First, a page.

Background: Thoracic surgery (TS) residency positions are in high demand. There is no study describing the nationwide attributes of successful matriculants in this specialty. We examined the characteristics of TS resident applicants and identified factors associated with acceptance. Methods: Applicant data from 2014 to 2017 application cycles was extracted from the Electronic Residency Application System and stratified by matriculation status. Medical education, type of general surgery residency, and research achievements were analyzed. The number of peer-reviewed publications and the corresponding impact factor for the journals where they were published were quantified. Results: There were 492 applicants and 358 matriculants. The overall population was primarily male (79.5%), white (55.1%), educated at United States allopathic medical schools (66.5%), and trained at university-based general surgery residencies (59.6%). Education at United States allopathic schools (odds ratio [OR], 2.54; P < .0001), being a member of the American Osteopathic Association (OR, 3.27; P = .021), general surgery residency affiliation with a TS residency (OR, 2.41; P = .0003) or National Cancer Institute designated Comprehensive Cancer Center (OR, 1.76; P = .0172), and being a first-time applicant (OR, 4.71, P < .0001) were independently associated with matriculation. Matriculants published a higher number of manuscripts than nonmatriculants (median of 3 vs 2, P < .0001) and more frequently published in higher impact journals (P < .0001). Conclusions: Our study includes objective and quantifiable data from recent application cycles and represents an in-depth examination of applicants to TS residency. The type of medical school and residency, as well as academic productivity, correlate with successful matriculation.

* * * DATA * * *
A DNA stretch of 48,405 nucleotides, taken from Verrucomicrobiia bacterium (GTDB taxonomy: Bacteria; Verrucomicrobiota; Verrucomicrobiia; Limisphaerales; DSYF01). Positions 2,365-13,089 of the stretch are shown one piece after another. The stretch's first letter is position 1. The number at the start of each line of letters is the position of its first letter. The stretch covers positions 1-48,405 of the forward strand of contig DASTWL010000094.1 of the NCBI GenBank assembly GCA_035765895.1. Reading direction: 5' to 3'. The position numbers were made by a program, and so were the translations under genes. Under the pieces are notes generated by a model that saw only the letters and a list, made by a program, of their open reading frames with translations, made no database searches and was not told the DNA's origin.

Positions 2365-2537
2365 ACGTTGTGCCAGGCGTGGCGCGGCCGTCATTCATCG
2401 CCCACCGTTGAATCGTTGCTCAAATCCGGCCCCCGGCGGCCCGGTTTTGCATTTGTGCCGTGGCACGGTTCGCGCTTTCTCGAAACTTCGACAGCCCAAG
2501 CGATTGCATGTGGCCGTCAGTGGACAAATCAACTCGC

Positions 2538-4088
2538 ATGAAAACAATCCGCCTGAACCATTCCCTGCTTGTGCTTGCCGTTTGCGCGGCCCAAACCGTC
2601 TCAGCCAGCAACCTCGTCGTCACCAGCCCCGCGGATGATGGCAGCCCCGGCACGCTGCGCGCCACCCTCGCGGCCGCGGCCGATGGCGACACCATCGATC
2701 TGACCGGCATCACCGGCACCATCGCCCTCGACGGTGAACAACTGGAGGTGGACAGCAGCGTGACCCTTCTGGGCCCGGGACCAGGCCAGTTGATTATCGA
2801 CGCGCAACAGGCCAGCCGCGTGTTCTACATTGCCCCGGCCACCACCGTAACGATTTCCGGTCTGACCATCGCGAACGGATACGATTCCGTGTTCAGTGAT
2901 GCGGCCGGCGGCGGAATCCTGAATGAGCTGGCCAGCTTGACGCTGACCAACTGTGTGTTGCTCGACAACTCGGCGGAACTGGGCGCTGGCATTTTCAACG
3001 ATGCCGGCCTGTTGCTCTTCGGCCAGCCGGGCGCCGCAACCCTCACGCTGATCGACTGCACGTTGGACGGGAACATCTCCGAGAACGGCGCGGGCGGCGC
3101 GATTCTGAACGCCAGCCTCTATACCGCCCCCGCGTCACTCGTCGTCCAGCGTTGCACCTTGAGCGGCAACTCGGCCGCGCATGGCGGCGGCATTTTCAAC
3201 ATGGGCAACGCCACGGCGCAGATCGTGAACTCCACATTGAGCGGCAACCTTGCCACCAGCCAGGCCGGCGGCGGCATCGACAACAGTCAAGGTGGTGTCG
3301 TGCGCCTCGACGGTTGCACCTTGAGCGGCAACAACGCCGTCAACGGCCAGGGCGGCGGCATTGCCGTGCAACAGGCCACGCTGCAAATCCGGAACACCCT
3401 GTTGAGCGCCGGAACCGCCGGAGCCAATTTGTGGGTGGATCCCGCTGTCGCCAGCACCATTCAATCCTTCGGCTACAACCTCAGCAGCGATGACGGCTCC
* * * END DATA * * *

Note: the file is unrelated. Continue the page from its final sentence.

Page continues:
All Science Journal Classification (ASJC) codes
- Pulmonary and Respiratory Medicine
- Cardiology and Cardiovascular Medicine